Monday, May 12, 2014

Jacob F. Miller En Route - March 1883

Chattanooga Tenn. Sunday March 4 1883

...Tuesday 27th left home for mission. Bro. F[ranklin] D. Richards was in the train riding to Ogden and gave us some good instruction. A Doctor from Park City a rabid anti Mormon was on the train and was very bitter and noisy in conversation. We had a great number of conversations on the train and distributed quite a number of tracts. I had several interviews Thursday with a Baptist minister, C. T. Chaffee First Baptist Church. He told me that the Baptists were the most numerous sect in America, the Methodists ranking second, that the salary of a minister in Nebraska ranged from $500 to $5,000 and averaged from $1,000 to $1,200 also that he had the largest Church in the state. Nebraska offered nothing for view except corn, cornstalks and hogs. Iowa offers marked contrast by its rolling hills and Indiana, Kentucky and Tennessee add considerable timber to the prospect.

We reached Omaha Thursday evening, crossed the bridge reported to be 2750 ft long to Council Bluffs and took the St. Louis Kansas City and Northern train1 for St. Louis, where we obtained late breakfast Friday Morning. Took a tramp through the town, which seems to be mainly of brick, wrote to my Father and Thalia. Twelve of us including Bro. Morgan went to visit Shaw's Garden. A very large tract of land is here laid out as a place of pleasure resort. A large number of tropical plants are to be found in the green house, one corner is devoted to Scriptural plants. Amongst them my attention was particularly attracted by a tiny Ceder of Lebanon. A large variety of Cactus adorned the green houses, half a dozen Century Plants were in one. A Pomegranate in one as also palmetto, gum elastic and Camphor.

In the evening we embarked
on the Ohio and Mississippi Railway for Cincinnati. I passed the night in conversation with a stranger, W. T. Nelson of Hillsborough Ohio, between five and six hours were spent in rapid religious argument the remainder of the time in general conversation. My companion gave me control of the argument, by objecting to any opinions and appealing to the written word in the Bible as sole criterion. He had previously laid down as an axiom that the majority were always in the wrong and so could make no logical appeal from the wording of the Scripture to the general opinion of mankind regarding its meaning. In general conversation he informed me that the principal native trees of that part of the country were the oak, hickory and beech on the poorer soil; the walnut and sugar maple in the richer; and the sycamore and elm on the riverbanks and lower lands.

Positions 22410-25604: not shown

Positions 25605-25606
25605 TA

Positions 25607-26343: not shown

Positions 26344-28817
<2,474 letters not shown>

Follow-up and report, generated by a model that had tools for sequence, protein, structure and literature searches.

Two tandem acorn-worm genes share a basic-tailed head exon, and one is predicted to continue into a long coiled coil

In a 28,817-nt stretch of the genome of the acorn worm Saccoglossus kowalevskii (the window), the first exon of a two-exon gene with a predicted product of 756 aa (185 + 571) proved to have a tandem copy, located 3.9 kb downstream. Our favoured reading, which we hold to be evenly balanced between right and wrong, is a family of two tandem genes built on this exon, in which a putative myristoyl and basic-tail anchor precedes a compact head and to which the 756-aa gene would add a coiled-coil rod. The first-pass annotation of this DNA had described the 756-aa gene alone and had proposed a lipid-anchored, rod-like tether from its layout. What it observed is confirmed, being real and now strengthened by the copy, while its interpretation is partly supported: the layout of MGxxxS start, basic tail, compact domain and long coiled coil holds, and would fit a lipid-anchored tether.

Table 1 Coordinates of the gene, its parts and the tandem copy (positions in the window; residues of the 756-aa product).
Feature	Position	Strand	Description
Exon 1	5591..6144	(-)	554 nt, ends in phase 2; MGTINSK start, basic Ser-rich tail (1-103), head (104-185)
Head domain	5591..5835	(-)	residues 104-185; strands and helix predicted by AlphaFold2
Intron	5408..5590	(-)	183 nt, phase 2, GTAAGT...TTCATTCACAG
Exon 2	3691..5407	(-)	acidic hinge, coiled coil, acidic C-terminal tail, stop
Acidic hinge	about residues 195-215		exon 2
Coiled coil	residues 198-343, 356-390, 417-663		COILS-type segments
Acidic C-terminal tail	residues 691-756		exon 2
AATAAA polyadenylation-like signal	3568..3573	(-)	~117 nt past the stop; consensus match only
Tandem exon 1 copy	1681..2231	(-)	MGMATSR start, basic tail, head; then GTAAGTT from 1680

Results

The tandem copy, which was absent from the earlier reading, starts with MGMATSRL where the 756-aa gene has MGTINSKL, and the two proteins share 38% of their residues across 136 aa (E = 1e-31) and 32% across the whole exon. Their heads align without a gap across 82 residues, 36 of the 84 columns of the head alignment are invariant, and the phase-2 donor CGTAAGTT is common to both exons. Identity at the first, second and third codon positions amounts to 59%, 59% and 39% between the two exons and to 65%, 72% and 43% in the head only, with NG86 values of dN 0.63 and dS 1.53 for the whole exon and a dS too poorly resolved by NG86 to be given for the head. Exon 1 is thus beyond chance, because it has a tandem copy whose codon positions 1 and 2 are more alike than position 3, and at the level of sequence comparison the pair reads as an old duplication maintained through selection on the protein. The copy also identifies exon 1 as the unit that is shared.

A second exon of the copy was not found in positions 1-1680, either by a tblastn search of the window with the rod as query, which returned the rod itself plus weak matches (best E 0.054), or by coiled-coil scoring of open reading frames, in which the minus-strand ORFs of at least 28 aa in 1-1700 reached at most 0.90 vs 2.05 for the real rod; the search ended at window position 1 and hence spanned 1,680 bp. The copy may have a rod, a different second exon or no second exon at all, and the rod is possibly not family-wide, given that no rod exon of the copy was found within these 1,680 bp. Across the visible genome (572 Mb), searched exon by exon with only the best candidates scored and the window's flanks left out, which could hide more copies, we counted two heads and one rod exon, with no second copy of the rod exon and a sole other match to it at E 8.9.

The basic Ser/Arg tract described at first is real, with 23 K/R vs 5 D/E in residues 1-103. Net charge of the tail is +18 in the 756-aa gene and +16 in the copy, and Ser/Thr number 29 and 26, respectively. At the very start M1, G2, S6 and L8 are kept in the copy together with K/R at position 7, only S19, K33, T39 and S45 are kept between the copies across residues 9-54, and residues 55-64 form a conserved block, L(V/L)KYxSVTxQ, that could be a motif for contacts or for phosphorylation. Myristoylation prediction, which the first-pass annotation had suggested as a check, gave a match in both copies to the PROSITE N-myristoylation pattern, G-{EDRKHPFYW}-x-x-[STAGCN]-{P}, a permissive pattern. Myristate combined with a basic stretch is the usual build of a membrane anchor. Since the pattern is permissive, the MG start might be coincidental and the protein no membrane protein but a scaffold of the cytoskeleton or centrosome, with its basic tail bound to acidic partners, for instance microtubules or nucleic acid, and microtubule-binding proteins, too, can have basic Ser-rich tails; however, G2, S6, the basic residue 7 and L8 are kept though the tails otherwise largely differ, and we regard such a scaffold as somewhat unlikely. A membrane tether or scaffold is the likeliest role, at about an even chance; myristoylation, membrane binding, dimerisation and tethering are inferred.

We took the Cincinnati and Southern railway for Chattanooga Saturday morning arriving late Saturday evening. Bro. Rigby found that he had been robbed. I think on the O & M Train I saw one steamer crossing the Ohio. We crossed the Mississippi in the dark. A partially disarranged switch nearly through our train off the track yesterday, The Conductor stopped the train to learn the cause but gave us no information on the subject. A young assistant told us the train narrowly missed being thrown into the river. We crossed a bridge yesterday 286 ft high. We stop here [in Chattanooga] at the Florentine Hotel.

Jacob F. Miller's route from SLC to Chattanooga
Bairds Mills Wednesday March 7, 1883

Sunday March 4th. We held a meeting in my room at the hotel. Bros. [John] Morgan and [Alphonzo] Snow gave us much good advice about our conduct in the missionary field. Following this we met on Cameron Hill2 named during the War in honor of Secretary Simon Cameron. Pres. Morgan, then a young man served in the war under General [John T.] Wilder. The General, now a resident of Chattanooga met us on Cameron Hill and jested with Pres. Morgan about the Battalion he was now leading. All the boys received their appointments Sunday evening except myself. I received mine Monday morning. We all left for our fields of labor Monday.

1 Actually purchased in 1879 by Wabash, St. Louis and Pacific Railway so by the time Elder Miller rode it in 1883, the name had already changed.
2 Cameron Hill sits in the center of downtown Chattanooga, providing an excellent view of the city. It would later be developed into a residential district with a rail to the top, with a casino and a Civil War memorial park. Today most of the hill is occupied by an office complex for Blue Cross Blue Shield of Tennessee.

3 comments:

Bessie said...

Thank you for this terrific post Bruce. Elder Miller’s great journal entries and your perfect precise map of the train trip route to Chattanooga cleared up so many things for me. It was his account of General Wilder “jesting with Pres. Morgan about the Battalion he was now leading” that was the highlight of my morning.

Flora Lee said...

Yes, great post. So wonderful that it went right along with Bessie's Ancestrialties post for the day. Thank you

BruceCrow said...

Glad you liked it Bessie. And it was good to see your piece on Morgan and his take on the day.

Thank you, Flora Lee, I just read Bessie's post.